On Ben's Farm

How Rodney Got Respect

Rodney Dangerfield posed with superfan Paul Fallisi '83, right.

"MY FAN CLUB broke up," the king of self-deprecating comedy joked. "The guy died." The late Rodney Dangerfield's humor, with its angst, paranoia and trademark line, "I can't get no respect," struck a chord with audiences everywhere. In the '70s and '80s, his frequent appearances on "The Tonight Show" with Johnny Carson—70 in all—were must-see TV in college dorms. The residents of UNH's Hunter Hall were no exception.

One fall evening in 1980, UNH sophomore Paul Fallisi '83 and fellow dormmates were watching the comedian on television when Dangerfield mentioned that he was staying at the Sands Hotel in Las Vegas. In the wee hours of the morning, Fallisi and his friends decided to call him at the hotel. To his surprise, Fallisi was put through to Dangerfield's room, but there was no answer. On a whim, he decided to leave a message saying, "This is Paul Fallisi, president of your fan club," just to get his attention. A few days later Dangerfield returned his call, and the two talked. Later, Dangerfield's manager sent photos, pins and other Dangerfield trinkets to the so-called fan club.

In October, Fallisi learned that Dangerfield was appearing in Boston, so a group, including roommate David Tremblay '83 and Steve Shannon '82, went down to see the show. Afterwards, they were invited backstage to meet the star. Dangerfield was a great guy, "a real spaghetti-and-meatballs person," recalls Fallisi.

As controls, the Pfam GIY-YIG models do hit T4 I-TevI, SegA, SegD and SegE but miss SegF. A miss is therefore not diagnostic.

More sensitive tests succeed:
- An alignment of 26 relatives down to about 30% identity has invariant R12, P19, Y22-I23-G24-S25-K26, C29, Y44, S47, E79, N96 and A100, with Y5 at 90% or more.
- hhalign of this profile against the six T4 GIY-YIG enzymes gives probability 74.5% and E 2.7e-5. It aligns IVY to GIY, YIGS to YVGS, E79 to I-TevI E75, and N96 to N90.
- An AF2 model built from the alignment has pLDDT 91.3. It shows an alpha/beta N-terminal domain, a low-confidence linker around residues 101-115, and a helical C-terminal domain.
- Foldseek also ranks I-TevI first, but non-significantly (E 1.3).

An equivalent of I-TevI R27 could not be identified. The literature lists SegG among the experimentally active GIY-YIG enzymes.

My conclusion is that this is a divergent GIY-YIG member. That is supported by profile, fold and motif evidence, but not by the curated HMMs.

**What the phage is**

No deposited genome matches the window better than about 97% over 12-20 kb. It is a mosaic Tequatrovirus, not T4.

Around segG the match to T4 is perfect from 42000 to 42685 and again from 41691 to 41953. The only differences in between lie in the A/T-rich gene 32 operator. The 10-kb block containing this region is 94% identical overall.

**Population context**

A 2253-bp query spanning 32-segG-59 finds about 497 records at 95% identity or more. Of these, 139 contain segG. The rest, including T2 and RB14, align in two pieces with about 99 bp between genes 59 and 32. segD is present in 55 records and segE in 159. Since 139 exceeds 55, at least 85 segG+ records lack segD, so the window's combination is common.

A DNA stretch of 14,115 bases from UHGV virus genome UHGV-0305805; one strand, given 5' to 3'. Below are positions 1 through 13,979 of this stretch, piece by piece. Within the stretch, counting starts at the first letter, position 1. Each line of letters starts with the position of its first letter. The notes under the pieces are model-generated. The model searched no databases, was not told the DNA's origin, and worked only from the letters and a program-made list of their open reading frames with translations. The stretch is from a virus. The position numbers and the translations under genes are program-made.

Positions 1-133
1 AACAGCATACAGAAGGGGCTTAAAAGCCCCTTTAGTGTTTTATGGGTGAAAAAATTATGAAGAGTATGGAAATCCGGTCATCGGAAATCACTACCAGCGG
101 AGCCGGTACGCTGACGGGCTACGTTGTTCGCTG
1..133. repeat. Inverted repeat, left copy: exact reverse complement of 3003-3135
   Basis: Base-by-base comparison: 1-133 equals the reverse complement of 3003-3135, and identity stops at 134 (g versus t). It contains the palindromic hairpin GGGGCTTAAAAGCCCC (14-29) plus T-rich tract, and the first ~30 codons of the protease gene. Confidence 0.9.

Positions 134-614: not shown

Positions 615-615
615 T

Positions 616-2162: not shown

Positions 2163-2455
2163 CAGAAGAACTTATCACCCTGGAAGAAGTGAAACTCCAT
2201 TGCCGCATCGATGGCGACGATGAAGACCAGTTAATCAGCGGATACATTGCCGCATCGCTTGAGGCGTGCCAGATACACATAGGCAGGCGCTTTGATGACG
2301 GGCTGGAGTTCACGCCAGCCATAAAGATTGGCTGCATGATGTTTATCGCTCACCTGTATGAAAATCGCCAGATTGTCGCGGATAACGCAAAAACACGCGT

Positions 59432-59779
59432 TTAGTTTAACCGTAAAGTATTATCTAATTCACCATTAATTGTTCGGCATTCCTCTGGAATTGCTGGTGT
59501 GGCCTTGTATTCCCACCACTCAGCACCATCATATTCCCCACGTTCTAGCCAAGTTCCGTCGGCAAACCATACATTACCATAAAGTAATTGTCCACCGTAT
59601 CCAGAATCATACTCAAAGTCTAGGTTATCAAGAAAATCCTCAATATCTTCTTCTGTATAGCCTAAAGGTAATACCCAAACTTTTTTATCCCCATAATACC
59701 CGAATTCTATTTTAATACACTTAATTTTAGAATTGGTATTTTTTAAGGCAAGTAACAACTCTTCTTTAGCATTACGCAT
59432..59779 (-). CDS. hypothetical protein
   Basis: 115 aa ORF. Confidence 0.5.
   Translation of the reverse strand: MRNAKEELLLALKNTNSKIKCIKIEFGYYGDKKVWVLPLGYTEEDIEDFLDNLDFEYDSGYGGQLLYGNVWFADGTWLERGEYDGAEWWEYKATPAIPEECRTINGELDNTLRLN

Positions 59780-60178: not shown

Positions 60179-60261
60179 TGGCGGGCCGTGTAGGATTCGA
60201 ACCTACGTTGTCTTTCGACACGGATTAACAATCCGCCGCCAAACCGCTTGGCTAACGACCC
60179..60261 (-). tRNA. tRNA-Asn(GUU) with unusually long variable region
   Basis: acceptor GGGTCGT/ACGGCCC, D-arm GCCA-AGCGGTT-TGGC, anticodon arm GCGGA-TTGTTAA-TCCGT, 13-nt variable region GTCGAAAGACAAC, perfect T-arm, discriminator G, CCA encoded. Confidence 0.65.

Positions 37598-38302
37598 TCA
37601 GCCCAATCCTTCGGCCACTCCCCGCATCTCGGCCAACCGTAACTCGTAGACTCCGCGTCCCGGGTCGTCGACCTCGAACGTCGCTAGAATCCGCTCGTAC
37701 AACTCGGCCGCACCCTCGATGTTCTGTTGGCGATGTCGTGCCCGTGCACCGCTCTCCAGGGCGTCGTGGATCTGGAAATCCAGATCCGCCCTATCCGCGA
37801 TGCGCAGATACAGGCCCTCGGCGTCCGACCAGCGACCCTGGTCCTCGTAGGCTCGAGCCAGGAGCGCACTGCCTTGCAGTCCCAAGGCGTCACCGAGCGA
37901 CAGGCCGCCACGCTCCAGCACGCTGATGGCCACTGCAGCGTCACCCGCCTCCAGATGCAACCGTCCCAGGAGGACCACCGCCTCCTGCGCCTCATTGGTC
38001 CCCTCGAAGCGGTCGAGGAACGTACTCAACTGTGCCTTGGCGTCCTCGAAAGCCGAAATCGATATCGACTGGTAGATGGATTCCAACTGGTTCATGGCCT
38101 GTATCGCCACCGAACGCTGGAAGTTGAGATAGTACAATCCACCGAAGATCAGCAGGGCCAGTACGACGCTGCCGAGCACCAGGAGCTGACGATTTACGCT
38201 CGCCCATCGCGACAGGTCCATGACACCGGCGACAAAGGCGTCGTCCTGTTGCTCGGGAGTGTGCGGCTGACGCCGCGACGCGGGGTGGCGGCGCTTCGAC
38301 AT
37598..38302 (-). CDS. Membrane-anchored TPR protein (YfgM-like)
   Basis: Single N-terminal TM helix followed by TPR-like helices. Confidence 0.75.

The fan club that had started as a joke went into high gear. The UNH Hunter Hall Rodney Dangerfield Fan Club had a board of directors and club meetings with minutes. The second-floor bathroom was dedicated to Dangerfield, and resident Steve Brown '81 painted a life-sized mural of the comic on a dorm wall. Members had to promise to watch Dangerfield on "The Tonight Show" once every three months. In return, Fallisi, club president, issued them an official fan club membership certificate.

Fallisi (center) and Hunter Hall Residents show off a prized plaque.

In January 1981, Fallisi received a registered letter from Dangerfield's manager. He was offered a hush-hush all-expense-paid trip to Las Vegas to appear on a special anniversary revival of the show "This is Your Life," where Dangerfield was to be the guest of honor.

For Fallisi, a self-described "bumpkin from New Hampshire," it was the trip of a lifetime. He flew to Las Vegas—his first airplane ride—and stayed at Caesar's Palace. Rehearsing his lines ahead of time with British talk show host David Frost, Fallisi met his favorite comic onstage before a live audience and presented him with a plaque.

Fallisi, who left UNH in 1981 to study actuarial science at Temple University, is now vice president and chief actuary of Cairnstone underwriters in Andover, Mass. In later years, he met Dangerfield several times a year and considered him a friend. He still remembers fondly the trip to Las Vegas and the autographed photo Dangerfield sent afterwards inscribed, "To Paul and all the guys at UNH. Thanks for some respect."

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